Farmer selection and researcher interference during trials can introduce bias, impacting how new technologies perform in real-world conditions
Read “Reconciling yield gains in agronomic trials with returns under African smallholder conditions” by Rachid Laajaj, Karen Macours, Cargele Masso, Moses Thuita, and Bernard Vanlauwe here.
To address global poverty and hunger, increasing the adoption of improved agricultural technologies is essential. Yet, while experimental trials might lead to positive outcomes, technologies are not always adopted at scale.
In this VoxDevTalk, Rachid Laajaj discusses insights from his research with Karen Macours, Cargele Masso, Moses Thuita, and Bernard Vanlauwe on smallholder farmers in rural areas of Western Kenya. The research team assessed the puzzle of why farmers might choose not to adopt or might not see success from promising technologies, even with financial and informational support to do so.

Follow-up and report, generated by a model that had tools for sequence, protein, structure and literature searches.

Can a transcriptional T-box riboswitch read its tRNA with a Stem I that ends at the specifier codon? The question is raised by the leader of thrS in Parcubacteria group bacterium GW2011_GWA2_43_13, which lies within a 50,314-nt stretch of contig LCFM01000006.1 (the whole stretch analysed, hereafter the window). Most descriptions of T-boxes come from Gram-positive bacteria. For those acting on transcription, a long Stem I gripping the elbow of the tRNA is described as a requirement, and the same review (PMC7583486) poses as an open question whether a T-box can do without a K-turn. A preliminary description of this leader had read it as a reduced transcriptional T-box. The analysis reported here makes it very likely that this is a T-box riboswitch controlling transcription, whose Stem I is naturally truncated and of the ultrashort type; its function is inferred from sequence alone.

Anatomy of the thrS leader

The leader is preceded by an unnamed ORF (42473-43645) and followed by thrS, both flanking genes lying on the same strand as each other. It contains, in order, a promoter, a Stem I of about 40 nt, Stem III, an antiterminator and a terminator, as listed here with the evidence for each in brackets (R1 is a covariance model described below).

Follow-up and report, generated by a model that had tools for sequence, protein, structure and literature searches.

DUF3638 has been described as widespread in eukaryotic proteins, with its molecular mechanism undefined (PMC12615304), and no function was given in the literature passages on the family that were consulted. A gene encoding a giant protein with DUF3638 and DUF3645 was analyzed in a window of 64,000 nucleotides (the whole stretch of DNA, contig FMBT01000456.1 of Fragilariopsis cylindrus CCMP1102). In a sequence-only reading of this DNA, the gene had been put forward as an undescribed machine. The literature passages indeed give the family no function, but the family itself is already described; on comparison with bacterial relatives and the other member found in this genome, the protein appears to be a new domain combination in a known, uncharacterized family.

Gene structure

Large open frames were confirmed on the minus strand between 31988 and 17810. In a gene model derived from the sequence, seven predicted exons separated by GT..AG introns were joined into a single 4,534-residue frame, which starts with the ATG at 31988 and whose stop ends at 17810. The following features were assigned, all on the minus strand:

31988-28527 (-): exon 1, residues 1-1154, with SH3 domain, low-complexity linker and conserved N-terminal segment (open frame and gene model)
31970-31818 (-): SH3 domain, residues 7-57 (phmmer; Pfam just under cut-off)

Their research provides quantitative evidence on how failing to adapt trials to farmers’ specific conditions has direct implications for the take-up of new technologies. It also highlights some of the problems with the ways in which research is conducted, where the presence of a researcher impacts farming behavior. Better accounting for and enabling of real-world conditions early on in the research process would ensure experimental results are more credible, with significant implications for improving agricultural outputs among some of the world’s poorest people.